I spoke to my father above the roar of the Kathmandu streets, narrow and complex as veins. “There wasn’t a single car in Kathmandu when I was there,” he said, his voice light with disbelief. I told him about climbing to the top of one of the temples in Durbar Square, and a wiry boy running up and down the steps to deliver five rupee chai, boiled in a vast silver bowl atop a failing flame. I told him about the marigolds strewn across the square: prayer’s debris. But it was the traffic we spoke of the most, the sign of our distance and the years between us.
My parents lived in Nepal in the seventies, as part of a Southeast Asian odyssey. They were hippies who had previously been part of a commune on a small island off the coast of New Zealand, and this adventure was another way they affirmed themselves in the world.
My mother passed away when I was nineteen. When someone is gone, you do anything to draw them back into being. I had heard so many stories of my parents’ travels that I think I believed that I might actually find her there: lily-sinewed, young and blushing with adventure.
As I drove into the Nepali town of Pokhara on a rickety bus, clutching someone’s child in one arm and a baby goat in the other, while Justin Bieber’s Baby played over the sound system, I sought their house frantically. I knew that they had lived in a yellow shack, somewhere near the airport, and that was all. I didn’t find it, of course. I looked for my mother everywhere, but I didn’t find her.
Suddenly realized just how desperately I had been looking. I’m an inherent disbeliever: an atheist, a realist, a grudging voter. But when I called my father from Pokhara I was disheartened and confused about my journey. I thought I was going to find something to believe in. I found only a thicker fog of doubt.
I was twenty-four years old, female and alone in a country where so many people need or feel entitled to things from you. I had believed that I was brave. But I felt so small, and so wrong.
Mostly, I was lonely. Solo travel is not for the faint hearted, especially in the less developed parts of the world. No matter how many peaks I summited; no matter how many sunsets I watched, as golden and viscous as molasses, and no matter how many Facebook posts garnered hundreds of ‘likes,’ I was, essentially, alone.
I called my father from Pokhara I worked to keep the quaver from my voice. I think he heard it anyway. “Spin a few prayer wheels for me and your mum,” he said. “We walked those same streets all those years ago, in nineteen seventy four.” I didn’t know what to say. I said thank you.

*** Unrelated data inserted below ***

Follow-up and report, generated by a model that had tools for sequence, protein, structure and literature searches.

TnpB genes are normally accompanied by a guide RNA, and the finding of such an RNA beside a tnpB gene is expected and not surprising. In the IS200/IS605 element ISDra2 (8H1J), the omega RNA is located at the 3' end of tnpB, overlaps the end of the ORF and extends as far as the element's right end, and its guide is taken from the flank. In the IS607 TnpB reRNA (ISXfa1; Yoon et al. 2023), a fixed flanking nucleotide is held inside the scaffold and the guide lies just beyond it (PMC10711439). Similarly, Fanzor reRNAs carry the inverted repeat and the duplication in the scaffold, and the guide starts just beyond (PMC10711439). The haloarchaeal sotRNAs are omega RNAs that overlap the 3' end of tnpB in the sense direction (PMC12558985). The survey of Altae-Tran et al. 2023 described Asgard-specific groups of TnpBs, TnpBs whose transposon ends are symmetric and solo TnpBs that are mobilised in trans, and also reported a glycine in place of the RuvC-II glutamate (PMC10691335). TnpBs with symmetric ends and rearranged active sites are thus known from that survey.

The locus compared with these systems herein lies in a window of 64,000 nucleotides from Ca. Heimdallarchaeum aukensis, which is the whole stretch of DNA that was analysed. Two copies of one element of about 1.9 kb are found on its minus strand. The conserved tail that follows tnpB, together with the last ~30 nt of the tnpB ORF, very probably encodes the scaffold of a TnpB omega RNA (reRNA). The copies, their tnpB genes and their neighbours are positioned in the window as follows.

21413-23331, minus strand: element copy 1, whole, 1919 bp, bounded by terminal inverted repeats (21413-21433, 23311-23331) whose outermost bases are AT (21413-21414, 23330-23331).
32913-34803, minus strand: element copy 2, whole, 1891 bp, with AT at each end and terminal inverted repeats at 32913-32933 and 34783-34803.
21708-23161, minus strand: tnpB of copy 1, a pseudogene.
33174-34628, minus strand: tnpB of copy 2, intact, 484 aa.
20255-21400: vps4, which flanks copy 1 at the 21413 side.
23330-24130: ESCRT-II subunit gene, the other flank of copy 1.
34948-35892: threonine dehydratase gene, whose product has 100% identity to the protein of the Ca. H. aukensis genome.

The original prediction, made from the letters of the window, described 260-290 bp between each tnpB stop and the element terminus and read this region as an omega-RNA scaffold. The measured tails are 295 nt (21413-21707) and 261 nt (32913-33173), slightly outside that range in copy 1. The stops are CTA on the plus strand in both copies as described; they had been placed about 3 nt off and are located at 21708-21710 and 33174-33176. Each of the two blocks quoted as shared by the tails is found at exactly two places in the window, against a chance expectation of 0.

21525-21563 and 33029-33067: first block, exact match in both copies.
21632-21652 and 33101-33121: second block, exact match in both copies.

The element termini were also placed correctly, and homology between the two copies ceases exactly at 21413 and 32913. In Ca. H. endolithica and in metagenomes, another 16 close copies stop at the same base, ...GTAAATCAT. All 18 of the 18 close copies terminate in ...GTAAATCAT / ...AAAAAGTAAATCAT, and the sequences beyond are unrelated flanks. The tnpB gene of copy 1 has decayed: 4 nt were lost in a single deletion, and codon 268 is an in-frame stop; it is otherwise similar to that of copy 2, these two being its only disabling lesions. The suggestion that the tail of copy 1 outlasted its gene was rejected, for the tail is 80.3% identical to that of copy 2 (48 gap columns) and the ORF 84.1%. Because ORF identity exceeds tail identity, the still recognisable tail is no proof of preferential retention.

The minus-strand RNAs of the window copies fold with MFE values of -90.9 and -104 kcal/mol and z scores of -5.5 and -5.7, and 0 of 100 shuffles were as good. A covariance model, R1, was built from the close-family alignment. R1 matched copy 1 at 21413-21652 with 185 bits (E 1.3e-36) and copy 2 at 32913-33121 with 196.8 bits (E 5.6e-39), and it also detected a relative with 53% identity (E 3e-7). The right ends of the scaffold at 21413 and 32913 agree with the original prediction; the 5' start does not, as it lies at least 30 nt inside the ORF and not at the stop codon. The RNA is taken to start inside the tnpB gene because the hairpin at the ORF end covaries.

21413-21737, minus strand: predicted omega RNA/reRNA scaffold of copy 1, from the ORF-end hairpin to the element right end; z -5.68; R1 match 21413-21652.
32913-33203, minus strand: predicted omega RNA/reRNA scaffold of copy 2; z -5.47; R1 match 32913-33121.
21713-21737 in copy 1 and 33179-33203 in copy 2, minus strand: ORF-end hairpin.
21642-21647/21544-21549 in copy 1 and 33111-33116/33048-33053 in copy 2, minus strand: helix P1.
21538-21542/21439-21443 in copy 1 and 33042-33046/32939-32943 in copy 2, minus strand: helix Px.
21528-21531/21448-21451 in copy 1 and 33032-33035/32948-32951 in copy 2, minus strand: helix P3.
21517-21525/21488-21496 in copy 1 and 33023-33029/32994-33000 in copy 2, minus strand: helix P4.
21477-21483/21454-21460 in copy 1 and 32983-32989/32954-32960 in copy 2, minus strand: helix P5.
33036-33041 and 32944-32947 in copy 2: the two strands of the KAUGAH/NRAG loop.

That afternoon I wandered down into the town, and found a tiny bookstore, brimming with paperbacks. The one I chose was a battered copy of Kerouac’s On The Road.
As I left Pokhara and rode buses across Nepal and down into India, I clutched that book: an almanac of letting go. I read about people who did things just to know what it was like to do them. I scrawled in the margins about my own journey, and what the towering gods at the roadside had started to mean. I understood “the flush of homecoming joy in her face” in a way I never had before: I had left New Zealand, my home country, five years prior. I thought I would never return. I had run from the absence of my mother and the grief of my father for what I thought was forever.
But it was the literature, rather than the litany of my parents that made me believe in something again. Because everything changes: Kathmandu is thick with the vehicular roar of a people moving on. Their closeness was in their absence. It let me write my own adventure.
The next time I called my father, I told him that I loved him for the first time in years. Bravery doesn’t always mean wandering into a far away place. Sometimes it means looking back from that place, and seeing all you chose to be blind to.
“The road is life,” claims Kerouac. And the road is infinite. And I have stumbled. And I have been lapped by my own history.
But the most important thing Nepal taught me was to keep walking. Keep your suitcase packed and at the ready for that great and endless adventure: the arduous and worthy mountain peak that is your life.
About the author: Kirsti Whalen is a poet from in Auckland, New Zealand, by way of Melbourne, Australia and a few other places besides. Formerly a camel farmer, laughing yoga instructor and castle-dwelling au pair, she now studies creative writing at Manukau Institute of Technology, and works in disability advocacy and support.
Ready to go to Nepal? WSGT found these travel books and gear to help you prepare.
Lonely Planet Nepal: The best guidebook there is to Nepal
Trekking in Nepal: Nepal is the best place in the world to see amazing peaks!
Nepali Phrasebook: Learn a few phrases in the local language!